Sunday, January 17, 2010

Another Day On Call in the Arctic

I miss working. I can't believe I just wrote that. It's true though. Feeling nostalgic today I was reading through my journal from a few years ago when I was working in a remote Inuit community in the Western Arctic. It makes me antsy to get back into the trenches. And so, another installment from Ohtanninbound (my original blog)...

I actually helped save a man's life today.
Cut my finger trying to eat a muffin.
And watched some bad Canadian television.

It was so interesting to see the events of the day unfold in a dream-like sequence...I felt like I was watching it all from behind glass, yet so in it I could barely raise my head above the smell of benzoin. The benzoin was being used as a tacky assistant, since the EKG stickers were sliding off the patient as fast as we toweled him and applied them. The cold sweat seemed to travel down his body like a clear oil slick, removing all our feeble attempts at securing I.V's and electrodes to get a heart tracing. The benzoin's sap-like consistency anchored our only diagnostic tool.

A garbage bag curtain hid the unfolding ice storm as inside we swirled around our most diaphoretic, nauseated, hypotensive, peripherally shut down patient.

I had been assessing a young man's knee when Jane burst into my office. She can get a bit dramatic near the end of her stints so I wasn't fazed at first. "Uhh...I think I've got an M.I in my office." M.I is medspeak for myocardial infarction, a.k.a 'heart attack', a.k.a 'a jammer'. I asked my patient to hold tight. I love cardiac stuff. It's a throwback to my old ER stomping ground that was in the heart (pun intended) of the silver tsunami which is the West Coast. Cardiac emergencies are interesting, challenging, emergent. Emergent is a nice change from the doldrums of most ER care which revolves around abdominal pain, back pain, flus, colds, headaches, lacerations, psyche, and the odd trauma.

I happily left the twisted knee and went into the trauma room. There, slumped on the stretcher was a very distressed Inuit man. He was clutching the center of his chest with one arm and failing around, grasping at air with the other. He was moaning loudly and the sweat was literally flying off him. His tan skin had somehow managed to take on a ghastly gray/green tinge and I could immediately see that we were in for the long haul with this chap.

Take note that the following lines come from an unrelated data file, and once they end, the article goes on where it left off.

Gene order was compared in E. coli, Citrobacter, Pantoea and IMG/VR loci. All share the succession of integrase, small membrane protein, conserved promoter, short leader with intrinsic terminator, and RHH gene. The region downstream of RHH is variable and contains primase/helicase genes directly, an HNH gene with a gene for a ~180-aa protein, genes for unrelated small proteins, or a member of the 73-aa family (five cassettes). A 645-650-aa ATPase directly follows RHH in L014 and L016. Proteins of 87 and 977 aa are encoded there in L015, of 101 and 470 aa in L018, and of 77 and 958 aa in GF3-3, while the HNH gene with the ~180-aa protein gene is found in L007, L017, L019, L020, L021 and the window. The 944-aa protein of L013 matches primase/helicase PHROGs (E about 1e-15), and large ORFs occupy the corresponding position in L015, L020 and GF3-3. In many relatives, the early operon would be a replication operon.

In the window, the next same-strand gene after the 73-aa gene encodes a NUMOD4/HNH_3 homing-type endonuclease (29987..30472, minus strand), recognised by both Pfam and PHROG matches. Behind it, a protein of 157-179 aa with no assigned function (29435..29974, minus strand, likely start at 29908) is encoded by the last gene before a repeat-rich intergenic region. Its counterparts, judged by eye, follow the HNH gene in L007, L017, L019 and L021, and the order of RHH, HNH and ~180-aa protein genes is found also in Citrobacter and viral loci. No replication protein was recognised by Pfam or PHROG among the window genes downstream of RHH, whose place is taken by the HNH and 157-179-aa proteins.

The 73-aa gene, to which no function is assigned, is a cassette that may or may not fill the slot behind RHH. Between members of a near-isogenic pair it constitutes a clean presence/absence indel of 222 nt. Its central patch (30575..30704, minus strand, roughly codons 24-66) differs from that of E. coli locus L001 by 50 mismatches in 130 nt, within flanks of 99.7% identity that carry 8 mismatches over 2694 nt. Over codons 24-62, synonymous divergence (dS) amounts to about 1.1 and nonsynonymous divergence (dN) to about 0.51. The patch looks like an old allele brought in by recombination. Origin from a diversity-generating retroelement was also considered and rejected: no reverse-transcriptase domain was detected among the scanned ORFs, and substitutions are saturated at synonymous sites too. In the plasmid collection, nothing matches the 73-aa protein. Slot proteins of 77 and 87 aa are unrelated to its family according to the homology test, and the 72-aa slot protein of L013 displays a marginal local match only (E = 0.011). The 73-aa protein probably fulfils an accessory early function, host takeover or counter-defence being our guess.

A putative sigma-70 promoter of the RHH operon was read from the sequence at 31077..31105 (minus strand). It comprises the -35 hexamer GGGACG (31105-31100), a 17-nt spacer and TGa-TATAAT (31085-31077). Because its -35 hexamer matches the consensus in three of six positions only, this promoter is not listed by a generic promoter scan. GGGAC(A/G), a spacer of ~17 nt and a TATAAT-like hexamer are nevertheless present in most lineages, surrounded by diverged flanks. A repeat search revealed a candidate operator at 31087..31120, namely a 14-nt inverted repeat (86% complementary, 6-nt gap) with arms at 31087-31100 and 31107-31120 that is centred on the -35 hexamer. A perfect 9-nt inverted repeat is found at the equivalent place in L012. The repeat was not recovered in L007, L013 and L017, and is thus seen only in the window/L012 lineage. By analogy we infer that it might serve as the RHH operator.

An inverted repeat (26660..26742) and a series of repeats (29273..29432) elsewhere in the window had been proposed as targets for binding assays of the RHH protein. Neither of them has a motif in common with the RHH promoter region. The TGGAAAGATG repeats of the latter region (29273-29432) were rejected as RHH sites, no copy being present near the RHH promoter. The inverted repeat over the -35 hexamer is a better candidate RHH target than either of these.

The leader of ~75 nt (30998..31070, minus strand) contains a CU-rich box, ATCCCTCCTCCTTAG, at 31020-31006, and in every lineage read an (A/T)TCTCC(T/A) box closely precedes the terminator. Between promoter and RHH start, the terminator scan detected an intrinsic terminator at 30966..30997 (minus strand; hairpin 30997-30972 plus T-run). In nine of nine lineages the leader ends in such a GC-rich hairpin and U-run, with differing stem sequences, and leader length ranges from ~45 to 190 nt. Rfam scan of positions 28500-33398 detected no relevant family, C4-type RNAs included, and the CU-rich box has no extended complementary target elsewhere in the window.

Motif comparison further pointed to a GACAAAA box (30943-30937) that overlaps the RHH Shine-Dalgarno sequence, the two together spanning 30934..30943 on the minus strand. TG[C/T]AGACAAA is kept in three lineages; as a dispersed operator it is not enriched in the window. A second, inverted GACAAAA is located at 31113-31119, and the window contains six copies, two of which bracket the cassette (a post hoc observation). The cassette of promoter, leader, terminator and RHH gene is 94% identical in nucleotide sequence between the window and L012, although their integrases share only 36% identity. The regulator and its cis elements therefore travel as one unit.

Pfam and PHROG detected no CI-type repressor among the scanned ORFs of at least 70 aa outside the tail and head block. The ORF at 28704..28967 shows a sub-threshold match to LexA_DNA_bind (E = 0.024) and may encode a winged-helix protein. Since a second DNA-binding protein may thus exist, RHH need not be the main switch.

No cardiac monitors, defibrillators, no I.V pumps. I was used to these constraints in settlements but cardiac problems are so rare that normally I don't notice it. I wheeled the EKG machine to the bedside as our only means of 'cardiac monitoring' . He was in v-tach. This was glaringly obvious the second I fired on the EKG with help from Jane, who was starting I.V's and trying desperately to have the leads stick to his chest which was as slippery as the frozen ground outside.

A heart beating 240 times a minute is more like a fluttering wing than a pumping muscle. When this happens oxygenated blood does not get to the right places. Where the blood is not perfusing the starved cells begin to die. One place that doesn't get the supply it needs is the heart in these situations. And in these cases, minutes mean muscle.

It was bad. Maybe a pressure palpable at around 65 systolic. I was scared and excited and intrigued all at the same time. I was loving it.

I hate to admit to the morbid love of real emergency situations but really it is such a charge.
At one point I remember looking at him, curled in the fetal position with his sweaty hair plastered to his face, a shiny gray, and thinking to myself, "he is going to crash. He is going to crash and we have no electricity to do anything. He is going to crash. Are we going to tube him? Is he maintaining an airway?"

He was gulping for air despite the 10L NRB mask on and the nasal prongs at 4L. Gulping! And we couldn't get an o2 sat because his fingertips were giving up no information. The sat monitor could not read how much oxygen his red blood cells were carrying around...his capillary blood had packed up and moved north.

More north than we were.

I called the doctor at the hospital which was an hour away by plane (the only way in and out of the community). As usual the security guard/answering service put me on hold for a horrifyingly long time. By this time Lawrence, our only other nurse, had taken over the duty of watching the EKG machines 2x2 inch screen for any changes while Jane worked continuously to dry off and re-tape the electrodes as they slipped off.